Document Type: Original Article(s)
Department of Pathobiology, Shahrekord University, Shahrekord, Iran; Department of Internal Medicine, Gastroenterology Research Center, Shiraz University of Medical Sciences, Shiraz, Iran
Department of Pathobiology, Shahrekord University, Shahrekord, Iran
Department of Internal Medicine, Gastroenterology Research Center, Shiraz University of Medical Sciences, Shiraz, Iran
Department of Immunology, Shiraz University of Medical Sciences, Shiraz, Iran
Background: Inflammatory bowel disease (IBD), of which Crohn’s disease (CD) and ulcerative colitis (UC) are the two main clinicopathological subtypes, is a group of digestive system diseases of unknown etiology. Risk factors for IBD are environmental factors, genetics, and immune system agents. Mycobacterium avium subspecies paratuberculosis (MAP) is one of the most important infectious factors and a suspected cause of IBD. The present study aimed to determine the prevalence of MAP in both IBD patients and non-IBD people as well as to investigate the relationship between the presence of this bacterium and IBD.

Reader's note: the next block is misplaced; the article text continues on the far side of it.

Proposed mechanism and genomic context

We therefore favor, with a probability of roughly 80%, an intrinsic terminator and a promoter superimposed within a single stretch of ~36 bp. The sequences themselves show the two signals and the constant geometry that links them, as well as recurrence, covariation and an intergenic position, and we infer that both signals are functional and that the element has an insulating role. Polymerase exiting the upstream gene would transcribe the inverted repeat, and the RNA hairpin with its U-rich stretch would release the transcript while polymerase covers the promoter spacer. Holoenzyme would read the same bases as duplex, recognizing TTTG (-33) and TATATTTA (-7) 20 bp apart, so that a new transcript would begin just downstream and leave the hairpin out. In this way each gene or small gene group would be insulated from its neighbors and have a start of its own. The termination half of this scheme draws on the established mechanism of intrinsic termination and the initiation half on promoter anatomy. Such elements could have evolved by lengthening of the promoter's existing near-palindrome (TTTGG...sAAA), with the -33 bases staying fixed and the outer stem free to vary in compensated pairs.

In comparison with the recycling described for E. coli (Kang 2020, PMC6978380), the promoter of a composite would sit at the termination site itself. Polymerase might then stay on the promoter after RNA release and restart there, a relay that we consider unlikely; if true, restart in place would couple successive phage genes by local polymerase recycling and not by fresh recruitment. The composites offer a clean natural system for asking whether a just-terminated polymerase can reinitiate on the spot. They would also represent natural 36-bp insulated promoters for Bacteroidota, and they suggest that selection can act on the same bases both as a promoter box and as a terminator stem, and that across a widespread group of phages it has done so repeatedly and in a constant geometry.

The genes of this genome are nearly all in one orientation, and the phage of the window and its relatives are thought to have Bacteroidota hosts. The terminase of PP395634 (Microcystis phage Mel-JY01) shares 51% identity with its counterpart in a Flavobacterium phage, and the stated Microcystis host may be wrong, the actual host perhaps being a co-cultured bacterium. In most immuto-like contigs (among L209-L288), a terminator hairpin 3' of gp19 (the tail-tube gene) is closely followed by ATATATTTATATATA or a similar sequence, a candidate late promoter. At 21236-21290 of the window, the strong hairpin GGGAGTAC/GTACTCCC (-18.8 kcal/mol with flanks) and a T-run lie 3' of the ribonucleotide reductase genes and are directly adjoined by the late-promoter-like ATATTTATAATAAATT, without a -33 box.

Methods: A cross-sectional study was conducted during May-December 2017 among 146 IBD patients (32 with CD and 114 with UC) at the Motahari Clinic affiliated to Shiraz University of Medical Sciences, Shiraz, Iran. For comparison, the blood samples of 146 non-IBD volunteers (the control group) were tested for the presence of MAP using the polymerase chain reaction method (specific IS900 fragment). The data were analyzed using the SPSS software (version 19.0). The Kolmogorov-Smirnov test was used to evaluate the normal distribution of variables. The χ2 test was used to compare the qualitative variables between the groups.
Results: MAP was present in 104 (71.2%) IBD patients out of which 24 (75%) had CD and 80 (70.2%) had UC. In the control group, MAP was present in 63 (43.2%) non-IBD volunteers. There was a significant correlation between the presence of IBD and MAP (P<0.001).
Conclusion: A high prevalence of MAP was observed in the south of Iran. MAP DNA was detected in the blood samples of CD and UC patients as well as non-IBD volunteers. The high prevalence of MAP indicated a possible role of MAP in stimulating IBD.